Today in Feminist History: A Victory for Birth Control Advocates (May 14, 1929)

Today in Feminist History is our daily recap of the major milestones and minor advancements that shaped women’s history in the U.S.—from suffrage to Shirley Chisholm and beyond. These posts were written by, and are presented in homage to, our late staff historian and archivist, David Dismore.

May 14, 1929: A victory for birth control advocates today!

PHOTO: Inside the Birth Control Clinical Research Bureau, opened on January 2, 1923, as the first legal birth control clinic in the U.S.

Charges were dismissed against all five defendants arrested on April 15th for distributing contraceptive information in violation of Section 1142 of the New York State Penal Code.

The doctors and nurses never disputed the charge that they gave information and advice on birth control to an undercover detective. But according to Magistrate Abraham Rosenbluth, the prosecution failed to present any evidence to contradict the assertion of the examining physician that the patient did, in fact, have a serious medical condition that would authorize the distribution of contraceptive information and devices to her “for the protection of her physical health and welfare.”

Rosenbluth’s decision was based on a 1918 ruling by Judge Frederick Crane of the New York State Court of Appeals that licensed physicians should be exempted from prosecution under Section 1142 if they are giving advice or prescribing contraceptives to a married patient “for the prevention or cure of disease.”

Magistrate Rosenbluth spent two weeks weighing the evidence gathered at two previous court sessions, then made his ruling:

“Good faith is thus made the test of guilt or innocence. It may well be that, in spite of Mrs. McNamara’s purpose to search out and beguile a suspected violator of the statute, her physical condition, as disclosed to the doctors who are defendants, made their advice and instructions entirely necessary …

“If Mrs. McNamara was in such physical condition before she consulted defendants that their prescription was unwarranted, and necessarily made in bad faith, that was easily susceptible to affirmative proof, but the prosecution at bar rested its case without any evidence to challenge the diagnosis made by the defendant. 

“The burden clearly rests on the people in this kind of prosecution to negative the good faith of the doctor or the nurse …”

Dr. Hannah M. Stone, director of the facility, the Birth Control Clinical Research Bureau at 46 West 15th Street in Manhattan, gave out a statement on behalf of herself and Dr. Elizabeth Pissoort, and nurses Marcella Sideri, Sigrid Brestwell and Antoinette Field.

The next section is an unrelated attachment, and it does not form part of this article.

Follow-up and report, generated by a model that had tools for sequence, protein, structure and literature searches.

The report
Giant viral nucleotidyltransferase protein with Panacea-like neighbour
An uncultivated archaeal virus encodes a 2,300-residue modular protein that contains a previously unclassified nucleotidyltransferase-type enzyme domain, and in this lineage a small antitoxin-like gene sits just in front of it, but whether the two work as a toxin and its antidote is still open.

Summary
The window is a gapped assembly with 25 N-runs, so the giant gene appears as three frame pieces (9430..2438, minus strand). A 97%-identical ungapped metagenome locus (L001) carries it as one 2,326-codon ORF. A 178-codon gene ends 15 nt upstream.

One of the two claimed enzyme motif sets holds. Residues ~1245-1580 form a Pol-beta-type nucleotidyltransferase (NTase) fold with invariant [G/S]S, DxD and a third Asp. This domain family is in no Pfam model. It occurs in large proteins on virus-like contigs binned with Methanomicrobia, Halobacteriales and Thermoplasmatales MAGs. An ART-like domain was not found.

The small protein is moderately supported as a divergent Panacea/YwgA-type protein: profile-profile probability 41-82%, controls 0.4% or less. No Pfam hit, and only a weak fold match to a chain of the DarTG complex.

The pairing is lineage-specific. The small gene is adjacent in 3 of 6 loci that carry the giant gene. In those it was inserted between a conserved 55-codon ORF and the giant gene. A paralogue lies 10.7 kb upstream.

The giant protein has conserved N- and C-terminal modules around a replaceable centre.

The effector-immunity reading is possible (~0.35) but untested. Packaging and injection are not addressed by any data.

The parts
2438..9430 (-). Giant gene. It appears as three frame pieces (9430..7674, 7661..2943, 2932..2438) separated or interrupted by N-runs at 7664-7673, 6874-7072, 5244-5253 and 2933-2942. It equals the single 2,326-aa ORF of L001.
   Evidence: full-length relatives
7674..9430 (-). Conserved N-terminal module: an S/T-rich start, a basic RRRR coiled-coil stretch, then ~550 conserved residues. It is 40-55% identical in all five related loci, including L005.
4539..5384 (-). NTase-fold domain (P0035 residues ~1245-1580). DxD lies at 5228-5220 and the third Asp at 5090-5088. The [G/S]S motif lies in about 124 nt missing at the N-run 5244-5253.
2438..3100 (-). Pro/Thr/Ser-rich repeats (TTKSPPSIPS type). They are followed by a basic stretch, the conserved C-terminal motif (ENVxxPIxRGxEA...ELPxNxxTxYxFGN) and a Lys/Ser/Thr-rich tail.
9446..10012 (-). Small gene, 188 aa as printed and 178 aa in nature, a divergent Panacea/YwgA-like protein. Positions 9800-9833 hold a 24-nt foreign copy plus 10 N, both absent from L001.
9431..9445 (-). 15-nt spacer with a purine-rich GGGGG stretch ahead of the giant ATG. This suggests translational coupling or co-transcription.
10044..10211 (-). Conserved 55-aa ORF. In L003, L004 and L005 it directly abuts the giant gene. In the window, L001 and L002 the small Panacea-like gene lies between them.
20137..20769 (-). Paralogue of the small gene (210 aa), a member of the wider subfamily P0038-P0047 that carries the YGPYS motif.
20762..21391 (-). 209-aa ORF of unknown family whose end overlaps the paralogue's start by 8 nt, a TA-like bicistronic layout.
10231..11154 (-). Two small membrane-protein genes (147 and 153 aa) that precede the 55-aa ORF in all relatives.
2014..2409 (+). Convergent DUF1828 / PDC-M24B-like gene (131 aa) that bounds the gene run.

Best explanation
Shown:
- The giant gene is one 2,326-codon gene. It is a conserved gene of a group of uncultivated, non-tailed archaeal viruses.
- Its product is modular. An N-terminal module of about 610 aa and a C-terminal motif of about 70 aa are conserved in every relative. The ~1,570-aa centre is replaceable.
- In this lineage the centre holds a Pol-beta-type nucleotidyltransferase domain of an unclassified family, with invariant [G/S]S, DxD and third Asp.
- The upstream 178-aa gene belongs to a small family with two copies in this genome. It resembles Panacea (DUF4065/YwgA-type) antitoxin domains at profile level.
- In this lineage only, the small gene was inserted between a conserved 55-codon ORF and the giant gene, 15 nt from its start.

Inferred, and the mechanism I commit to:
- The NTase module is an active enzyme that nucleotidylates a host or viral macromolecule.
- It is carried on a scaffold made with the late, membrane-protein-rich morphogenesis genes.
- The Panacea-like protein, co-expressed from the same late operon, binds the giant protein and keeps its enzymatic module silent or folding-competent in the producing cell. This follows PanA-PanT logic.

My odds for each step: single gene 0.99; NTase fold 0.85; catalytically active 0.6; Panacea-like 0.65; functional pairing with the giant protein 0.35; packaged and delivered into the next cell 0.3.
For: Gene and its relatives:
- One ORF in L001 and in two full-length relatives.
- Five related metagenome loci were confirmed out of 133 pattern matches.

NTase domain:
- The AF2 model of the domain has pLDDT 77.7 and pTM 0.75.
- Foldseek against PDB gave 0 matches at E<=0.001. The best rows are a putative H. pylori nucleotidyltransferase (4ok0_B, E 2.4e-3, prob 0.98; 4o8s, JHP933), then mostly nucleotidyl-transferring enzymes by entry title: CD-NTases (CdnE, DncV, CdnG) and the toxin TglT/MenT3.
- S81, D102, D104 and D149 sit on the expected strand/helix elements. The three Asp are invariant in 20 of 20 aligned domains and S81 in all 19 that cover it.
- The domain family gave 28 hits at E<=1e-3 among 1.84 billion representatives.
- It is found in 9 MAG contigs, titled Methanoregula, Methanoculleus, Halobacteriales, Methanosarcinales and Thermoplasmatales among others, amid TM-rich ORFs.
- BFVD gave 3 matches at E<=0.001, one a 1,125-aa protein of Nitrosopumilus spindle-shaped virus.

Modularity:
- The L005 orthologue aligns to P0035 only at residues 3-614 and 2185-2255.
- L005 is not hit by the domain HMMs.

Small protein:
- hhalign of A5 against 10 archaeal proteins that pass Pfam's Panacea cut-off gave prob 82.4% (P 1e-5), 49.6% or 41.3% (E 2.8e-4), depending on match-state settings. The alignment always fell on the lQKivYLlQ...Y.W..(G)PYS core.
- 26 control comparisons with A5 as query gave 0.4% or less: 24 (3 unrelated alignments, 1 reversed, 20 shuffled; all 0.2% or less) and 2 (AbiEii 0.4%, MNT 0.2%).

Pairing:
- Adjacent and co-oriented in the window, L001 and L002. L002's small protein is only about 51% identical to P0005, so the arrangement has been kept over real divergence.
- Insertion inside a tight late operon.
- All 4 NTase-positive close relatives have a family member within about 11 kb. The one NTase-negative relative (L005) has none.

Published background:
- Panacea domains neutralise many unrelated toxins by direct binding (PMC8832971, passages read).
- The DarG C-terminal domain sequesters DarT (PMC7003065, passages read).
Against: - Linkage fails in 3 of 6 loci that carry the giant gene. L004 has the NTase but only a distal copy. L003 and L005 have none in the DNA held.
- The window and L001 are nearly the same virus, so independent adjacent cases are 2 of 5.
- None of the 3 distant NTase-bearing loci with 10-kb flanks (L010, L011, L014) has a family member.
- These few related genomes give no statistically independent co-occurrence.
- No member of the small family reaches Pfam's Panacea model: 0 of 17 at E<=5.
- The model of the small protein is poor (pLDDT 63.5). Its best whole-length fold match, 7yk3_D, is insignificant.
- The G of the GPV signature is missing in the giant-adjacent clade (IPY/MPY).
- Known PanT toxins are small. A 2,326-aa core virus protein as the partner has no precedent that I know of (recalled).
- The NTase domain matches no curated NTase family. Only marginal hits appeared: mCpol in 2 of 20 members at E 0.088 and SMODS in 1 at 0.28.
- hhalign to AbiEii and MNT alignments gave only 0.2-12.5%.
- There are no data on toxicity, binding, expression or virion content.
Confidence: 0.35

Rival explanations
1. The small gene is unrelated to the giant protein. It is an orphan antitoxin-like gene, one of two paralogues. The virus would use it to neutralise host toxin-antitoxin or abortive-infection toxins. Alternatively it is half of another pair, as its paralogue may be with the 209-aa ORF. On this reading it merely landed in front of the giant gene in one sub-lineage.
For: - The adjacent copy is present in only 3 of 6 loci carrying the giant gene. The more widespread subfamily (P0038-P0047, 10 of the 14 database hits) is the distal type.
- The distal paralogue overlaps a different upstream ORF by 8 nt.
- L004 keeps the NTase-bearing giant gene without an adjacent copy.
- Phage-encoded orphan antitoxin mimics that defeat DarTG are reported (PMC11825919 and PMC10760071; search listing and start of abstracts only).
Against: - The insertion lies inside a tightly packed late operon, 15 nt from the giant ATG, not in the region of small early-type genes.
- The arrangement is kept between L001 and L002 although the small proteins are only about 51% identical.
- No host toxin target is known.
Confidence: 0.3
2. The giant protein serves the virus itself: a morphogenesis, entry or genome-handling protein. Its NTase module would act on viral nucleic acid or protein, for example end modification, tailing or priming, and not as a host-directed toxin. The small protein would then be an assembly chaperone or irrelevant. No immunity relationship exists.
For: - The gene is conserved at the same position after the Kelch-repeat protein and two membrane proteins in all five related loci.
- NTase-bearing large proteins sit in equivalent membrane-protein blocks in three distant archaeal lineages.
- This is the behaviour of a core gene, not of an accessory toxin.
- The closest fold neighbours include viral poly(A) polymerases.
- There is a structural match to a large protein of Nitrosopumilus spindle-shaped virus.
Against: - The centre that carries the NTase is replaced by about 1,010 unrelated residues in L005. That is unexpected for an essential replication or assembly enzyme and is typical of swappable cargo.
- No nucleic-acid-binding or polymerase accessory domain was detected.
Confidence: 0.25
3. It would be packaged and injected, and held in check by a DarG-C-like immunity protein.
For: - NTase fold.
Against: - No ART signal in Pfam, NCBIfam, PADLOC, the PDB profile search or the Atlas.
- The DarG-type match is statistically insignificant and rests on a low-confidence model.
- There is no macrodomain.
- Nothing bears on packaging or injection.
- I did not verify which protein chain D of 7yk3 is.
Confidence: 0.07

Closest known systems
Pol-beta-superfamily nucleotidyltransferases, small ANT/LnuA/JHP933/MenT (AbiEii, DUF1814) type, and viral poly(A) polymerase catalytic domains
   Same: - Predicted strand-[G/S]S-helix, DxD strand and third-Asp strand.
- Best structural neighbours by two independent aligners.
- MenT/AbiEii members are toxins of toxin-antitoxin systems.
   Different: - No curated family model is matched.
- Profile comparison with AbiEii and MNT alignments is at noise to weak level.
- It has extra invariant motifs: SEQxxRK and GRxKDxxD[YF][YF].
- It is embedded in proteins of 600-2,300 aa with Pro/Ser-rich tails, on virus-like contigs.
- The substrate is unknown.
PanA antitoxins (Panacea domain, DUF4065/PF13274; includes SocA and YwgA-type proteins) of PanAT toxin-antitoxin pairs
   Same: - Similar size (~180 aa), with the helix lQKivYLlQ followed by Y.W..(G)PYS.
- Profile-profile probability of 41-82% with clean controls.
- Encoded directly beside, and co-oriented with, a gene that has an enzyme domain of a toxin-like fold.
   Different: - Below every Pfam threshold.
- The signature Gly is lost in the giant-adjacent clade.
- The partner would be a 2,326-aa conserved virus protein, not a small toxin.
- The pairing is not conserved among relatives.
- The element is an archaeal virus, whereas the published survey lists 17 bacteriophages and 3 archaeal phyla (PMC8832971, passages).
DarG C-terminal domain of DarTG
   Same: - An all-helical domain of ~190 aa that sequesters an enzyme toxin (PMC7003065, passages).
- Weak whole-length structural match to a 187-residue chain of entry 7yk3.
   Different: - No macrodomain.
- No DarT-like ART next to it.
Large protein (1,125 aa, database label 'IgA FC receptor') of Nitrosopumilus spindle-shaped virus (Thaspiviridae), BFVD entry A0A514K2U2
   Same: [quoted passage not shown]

In it, they said they held ” … no resentment against the misguided raid and the attempts to fingerprint us. Those responsible for the raid were apparently entirely ignorant that the law expressly permits physicians to give such advice for medical indications. Our Clinical Research Bureau is a most signal and valuable public health service and aids in the working program of many important social service agencies in this city. This decision is a vindication.”

The raid has caused much public criticism, even from those who had not been supportive of the clinic in the past, and it has proven to be a great embarrassment to the police department. It was conducted so overzealously and ineptly that many items clearly not having any relation to birth control, such as forceps used to handle instruments being sterilized, were seized.

Mary Sullivan, head of the Women’s Bureau of the New York Police Department at the time of the raid, was removed from that position on May 10th for her part in it. Especially disturbing to the medical community was the confiscation of huge numbers of private patient files, 150 of which have been “lost.” 

Raids, arrests, and even jail sentences of birth control advocates were common in the early days of the movement. But in the eleven years since Judge Crane’s opinion in “People v. Sanger” (222 N.Y. 192), doctors who prescribe contraceptives to married women whose health would be endangered by pregnancy have been relatively free of harassment, at least in New York. Last month’s raid was quite unexpected, and there is much speculation as to why it occurred. 

Hopefully, the public outcry over the methods used, plus the dismissal of all charges against all defendants will be enough to make this the final raid in New York State, and the battle for birth control can continue here without medical professionals once again living in fear of arrests and criminal prosecution when treating their patients.


David Dismore is the archivist for the Feminist Majority Foundation. His journey from would-be weather forecaster to full-time feminist began with the powerful impression made by a photo and a few paragraphs about the suffragists in his high school history textbook; years later, he had his first encounter with NOW—in which he carefully peeked in a window before opening the door to be sure men were allowed. He was eventually active in the ERA extension campaign of 1978, embarked on a cross-country bikeathon for it in 1982 and even worked for pioneers Toni Carabillo and Judith Meuli.